The Fuschia genus contains more than 100 woody shrubs and trees, but the familiar garden fuschias widely available in garden centers are mostly hybrids chosen because they are ideal for hanging baskets and other containers. While these plants can be perennial garden plants in warm climates, fuschias are usually grown as outdoor container plants, either planted as annuals and discarded as the weather turns cold, or brought indoors and nursed in bright light and controlled conditions over the winter.
From spring to fall, fuschias produce dozens of brightly colored teardrop-shaped flowers from trailing stems, and they do so in the kind of shady conditions where most plants struggle. Fuchsias are a fabulous staple for hanging baskets with their elegant, drooping flowers hanging down like so many crystals on a fancy chandelier. But they can look fantastic in almost any container garden. Fuchsias look lovely in a pot on their own but also pair well with complementary or contrasting colors. Display them with oxalis, angel wing begonias, lobelia, or coleus. These plants also a favorite of butterflies and hummingbirds.
If you do live in a warm climate zone, you can also consider one of the shrub-like cultivars that may even achieve small tree stature when planted in the garden.
Whether planting a fuschia in outdoor containers or in the garden, wait until the weather is consistently above 50 degrees Fahrenheit all night before planting—these plants are very sensitive to cold.
|Botanical Name||Fuschia (Group)|
|Common Names||Fuschia, lady's eardrops|
|Plant Type||Evergreen shrub, usually grown as a trailing container plant|
|Mature Size||Usually 1 to 2 feet tall, similar spread|
|Sun Exposure||Part shade to full shade|
|Soil Type||Rich, moisture-retentive garden soil or peat-based potting mix|
|Soil pH||6.0 to 7.0 (slightly acidic to neutral)|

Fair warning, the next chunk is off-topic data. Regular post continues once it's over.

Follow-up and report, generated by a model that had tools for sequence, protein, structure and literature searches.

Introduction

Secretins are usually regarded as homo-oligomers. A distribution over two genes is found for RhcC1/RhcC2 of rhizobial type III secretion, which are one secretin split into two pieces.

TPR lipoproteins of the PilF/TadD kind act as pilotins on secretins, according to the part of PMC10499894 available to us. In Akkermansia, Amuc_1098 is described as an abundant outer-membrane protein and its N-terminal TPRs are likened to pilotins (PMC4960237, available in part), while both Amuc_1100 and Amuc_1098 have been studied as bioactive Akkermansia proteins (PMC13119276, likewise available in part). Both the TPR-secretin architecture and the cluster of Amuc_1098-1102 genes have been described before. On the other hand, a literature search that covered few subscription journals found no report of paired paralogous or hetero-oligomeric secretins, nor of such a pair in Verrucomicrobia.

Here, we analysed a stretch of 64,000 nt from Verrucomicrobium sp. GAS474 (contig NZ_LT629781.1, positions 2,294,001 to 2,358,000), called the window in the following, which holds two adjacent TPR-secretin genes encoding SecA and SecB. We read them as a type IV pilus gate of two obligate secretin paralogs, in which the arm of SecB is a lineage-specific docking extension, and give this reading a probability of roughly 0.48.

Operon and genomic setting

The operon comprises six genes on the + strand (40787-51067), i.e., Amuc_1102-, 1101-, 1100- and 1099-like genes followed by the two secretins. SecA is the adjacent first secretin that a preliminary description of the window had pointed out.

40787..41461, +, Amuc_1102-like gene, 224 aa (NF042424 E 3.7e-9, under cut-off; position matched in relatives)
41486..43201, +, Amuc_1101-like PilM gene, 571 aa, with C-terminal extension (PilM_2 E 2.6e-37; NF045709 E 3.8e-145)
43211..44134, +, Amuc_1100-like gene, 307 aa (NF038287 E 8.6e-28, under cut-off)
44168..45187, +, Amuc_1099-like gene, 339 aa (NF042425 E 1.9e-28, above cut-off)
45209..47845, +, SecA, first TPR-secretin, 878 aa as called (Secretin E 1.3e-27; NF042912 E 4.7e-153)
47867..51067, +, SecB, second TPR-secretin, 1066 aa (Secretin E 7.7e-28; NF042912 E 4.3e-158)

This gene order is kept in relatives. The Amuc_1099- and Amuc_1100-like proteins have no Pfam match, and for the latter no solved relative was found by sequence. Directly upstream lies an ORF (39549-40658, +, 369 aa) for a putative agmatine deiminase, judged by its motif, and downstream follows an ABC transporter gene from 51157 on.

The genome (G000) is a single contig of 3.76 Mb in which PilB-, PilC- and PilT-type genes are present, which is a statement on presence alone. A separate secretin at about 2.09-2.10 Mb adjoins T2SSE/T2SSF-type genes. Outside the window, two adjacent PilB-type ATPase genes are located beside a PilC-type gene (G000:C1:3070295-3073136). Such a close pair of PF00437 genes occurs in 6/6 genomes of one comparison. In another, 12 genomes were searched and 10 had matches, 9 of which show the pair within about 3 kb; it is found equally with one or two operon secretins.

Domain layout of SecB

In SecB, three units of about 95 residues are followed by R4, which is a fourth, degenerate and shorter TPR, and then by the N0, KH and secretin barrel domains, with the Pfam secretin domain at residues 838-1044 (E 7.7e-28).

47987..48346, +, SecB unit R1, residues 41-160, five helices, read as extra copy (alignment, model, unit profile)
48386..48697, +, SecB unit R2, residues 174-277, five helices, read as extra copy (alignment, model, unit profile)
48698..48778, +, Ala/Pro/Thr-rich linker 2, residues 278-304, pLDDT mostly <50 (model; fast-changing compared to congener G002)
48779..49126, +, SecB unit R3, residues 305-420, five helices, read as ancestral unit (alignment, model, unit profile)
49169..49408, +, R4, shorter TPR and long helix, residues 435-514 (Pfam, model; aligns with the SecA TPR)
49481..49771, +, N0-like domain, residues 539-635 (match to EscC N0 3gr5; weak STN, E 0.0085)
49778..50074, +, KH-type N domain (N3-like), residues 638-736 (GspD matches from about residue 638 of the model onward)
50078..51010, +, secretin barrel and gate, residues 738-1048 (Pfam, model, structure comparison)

|Bloom Time||Repeat seasonal bloomer|
|Flower Color||Red, pink, white, violet, purple, and bicolors|
|Hardiness Zones||10 to 11 (often grown as an annual container plant)|
|Native Area||Caribbean, northern South America|
How to Grow Fuschia Plants
Though slightly fussy about moisture and temperature, fuchsias are still considered an easy plant to grow in container gardens. Most will thrive in part shade to full shade. They don't like to be too hot, and they especially hate dry heat. With the right watering regimen and humidity levels, these plants become fairly care-free.
For peak bloom production, pick off any spent blossoms. Flowers appear only on new growth.
In colder climates, fuschia plants can be brought indoors to continue growing in the winter, or they can be cut back to store indoors in a semi-dormant state in a dark, dry location until the following spring. Growing fuschias indoors has a mixed success rate, so don't be surprised if you must resign yourself to growing these beauties as annuals.
These plants thrive in part shade to deep shade conditions. When growing them indoors, they enjoy a bit more light—bright indirect light rather than direct sunlight.
Fushia plants prefer consistently moist (but not soggy) soil with a good ratio of organic matter. At the same time, the soil should be well-draining. For in-ground plants, amending with peat moss or compost before planting is a good idea. Container plants do fine in an ordinary peat-based potting mix, provided the pot has good drainage.
Fuchsias like to be moist but not soggy. They thrive in humidity, so if you live somewhere dry, they are a little more challenging to grow and keep hydrated.
Temperature and Humidity
Fuchsias are happiest with temperatures between 55 and 80 degrees Fahrenheit, though there are some heat-tolerant cultivars that will keep their blooms up to 90 degrees Fahrenheit. There are also a few shrub-like varieties that are hardy in freezing temperatures.